During this election, the seats taken by the ruling party was 481 which shows a slight decline. However, the share by others dropped significantly from 48 to 16 excluding independent candidates.
In the election history of the country, many regard the May 2005 election as one of the most heavily contested and one which also changed the course of subsequent elections. It was also the bloodiest as election related clashes resulted in the death of hundreds.
With more candidates opting to be under political party umbrella as opposition parties manage to garner unprecedented public support, the number of independent candidates declined to 353. But the result was even more dismal. While opposition political parties like Coalition for Unity and Democracy (a.k.a. kinijit), United Ethiopian Democratic Forces and Oromo Federalist Democratic Movement secured 109, 52 and 11 seats in parliament, respectively, only one independent candidate managed to win a seat. And that candidate was Negasso Gidada (PhD), who had served as president of the country prior to that.
He run for the constituency of Dembi Dollo, his birthplace, in the Oromia Regional State. In an emailed response to The Reporter, Negaso recalls his decision to run as an independent candidate.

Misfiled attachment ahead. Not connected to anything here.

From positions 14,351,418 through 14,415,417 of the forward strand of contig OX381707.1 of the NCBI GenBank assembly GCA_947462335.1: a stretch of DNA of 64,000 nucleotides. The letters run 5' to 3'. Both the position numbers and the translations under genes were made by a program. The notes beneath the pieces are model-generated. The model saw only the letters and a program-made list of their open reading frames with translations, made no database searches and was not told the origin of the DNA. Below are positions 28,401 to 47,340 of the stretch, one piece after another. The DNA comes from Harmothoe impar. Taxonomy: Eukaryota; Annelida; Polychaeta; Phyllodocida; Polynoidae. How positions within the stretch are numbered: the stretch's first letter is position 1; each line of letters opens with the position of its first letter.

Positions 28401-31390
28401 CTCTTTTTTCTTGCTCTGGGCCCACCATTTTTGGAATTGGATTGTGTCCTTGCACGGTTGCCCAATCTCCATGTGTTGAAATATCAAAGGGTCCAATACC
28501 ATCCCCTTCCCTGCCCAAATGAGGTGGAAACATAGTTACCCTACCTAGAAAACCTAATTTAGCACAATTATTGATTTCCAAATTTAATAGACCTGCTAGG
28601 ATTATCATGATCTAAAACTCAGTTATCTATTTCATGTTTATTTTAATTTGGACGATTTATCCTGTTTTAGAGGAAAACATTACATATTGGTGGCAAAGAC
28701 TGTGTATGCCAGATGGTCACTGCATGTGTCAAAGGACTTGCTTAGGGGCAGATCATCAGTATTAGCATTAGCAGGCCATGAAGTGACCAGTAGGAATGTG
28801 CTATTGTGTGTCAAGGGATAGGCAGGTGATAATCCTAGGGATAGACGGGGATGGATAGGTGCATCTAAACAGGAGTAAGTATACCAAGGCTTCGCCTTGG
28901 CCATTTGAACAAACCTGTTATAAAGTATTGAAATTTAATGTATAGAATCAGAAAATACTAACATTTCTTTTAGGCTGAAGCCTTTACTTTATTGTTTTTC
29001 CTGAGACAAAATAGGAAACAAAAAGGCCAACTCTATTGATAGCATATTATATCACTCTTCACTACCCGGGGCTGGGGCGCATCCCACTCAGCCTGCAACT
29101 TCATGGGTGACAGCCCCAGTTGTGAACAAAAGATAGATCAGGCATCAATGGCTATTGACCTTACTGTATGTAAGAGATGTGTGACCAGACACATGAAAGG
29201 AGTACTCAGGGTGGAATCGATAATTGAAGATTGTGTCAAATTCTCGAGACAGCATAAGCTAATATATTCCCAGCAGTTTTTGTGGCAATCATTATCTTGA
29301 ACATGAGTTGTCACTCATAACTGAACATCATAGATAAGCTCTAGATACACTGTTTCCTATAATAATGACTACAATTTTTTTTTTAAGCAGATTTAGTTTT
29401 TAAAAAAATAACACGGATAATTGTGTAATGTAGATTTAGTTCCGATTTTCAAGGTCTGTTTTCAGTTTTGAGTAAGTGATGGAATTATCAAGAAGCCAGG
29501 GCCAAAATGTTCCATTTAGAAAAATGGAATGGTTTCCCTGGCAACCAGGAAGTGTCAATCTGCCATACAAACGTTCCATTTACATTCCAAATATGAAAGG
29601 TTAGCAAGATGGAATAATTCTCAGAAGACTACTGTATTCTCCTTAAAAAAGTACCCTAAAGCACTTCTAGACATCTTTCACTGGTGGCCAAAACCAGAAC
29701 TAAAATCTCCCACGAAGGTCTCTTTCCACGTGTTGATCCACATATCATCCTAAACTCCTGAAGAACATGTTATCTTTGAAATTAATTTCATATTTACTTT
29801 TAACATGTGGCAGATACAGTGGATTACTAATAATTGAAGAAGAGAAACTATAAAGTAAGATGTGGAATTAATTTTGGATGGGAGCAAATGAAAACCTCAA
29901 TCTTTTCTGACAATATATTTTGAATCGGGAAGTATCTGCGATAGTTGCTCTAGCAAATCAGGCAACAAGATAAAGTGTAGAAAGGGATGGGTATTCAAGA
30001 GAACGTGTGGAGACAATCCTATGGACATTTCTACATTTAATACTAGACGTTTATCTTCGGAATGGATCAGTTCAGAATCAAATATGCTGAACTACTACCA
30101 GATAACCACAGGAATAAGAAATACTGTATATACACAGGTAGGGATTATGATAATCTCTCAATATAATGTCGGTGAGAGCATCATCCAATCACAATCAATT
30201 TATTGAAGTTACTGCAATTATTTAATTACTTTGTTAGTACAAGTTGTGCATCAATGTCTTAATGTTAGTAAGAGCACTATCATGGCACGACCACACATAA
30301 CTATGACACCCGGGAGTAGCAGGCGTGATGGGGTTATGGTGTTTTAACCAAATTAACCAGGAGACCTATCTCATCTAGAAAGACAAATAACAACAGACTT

“Because proclamation no. 255/01 [Administration of the President of FDRE] forbids the ex-president from engaging in partisan political activities, I went and discussed the matter with Tesfaye Mengesha and Kemal Bedri [then deputy chairman and chairman of NEBE, respectively] if I can candidate myself as an independent,” Negaso told The Reporter.
After receiving the green light from the board, Negaso went to Dembi Dollo to get registered.
“I went back to Dembi Dollo again to pick up my registration card and for campaign and stayed there until the result was made public,” he said.
But finance proved a major obstacle for Negaso, who was stripped of his presidential privileges at the time.
“When I went for the registration, the President’s office provided me with a car and a designated driver and security with expenses covered. However, I did not get allowance for myself,” he told The Reporter.
According to Addisu Gebregziaber, deputy chairman of NEBE, the board does not provide financial support to independent candidates as it does for political parties.
“The board does not undermine the role of independent candidates in the democratization process. However, the focus is on supporting political parties than independent ones,” he told The Reporter.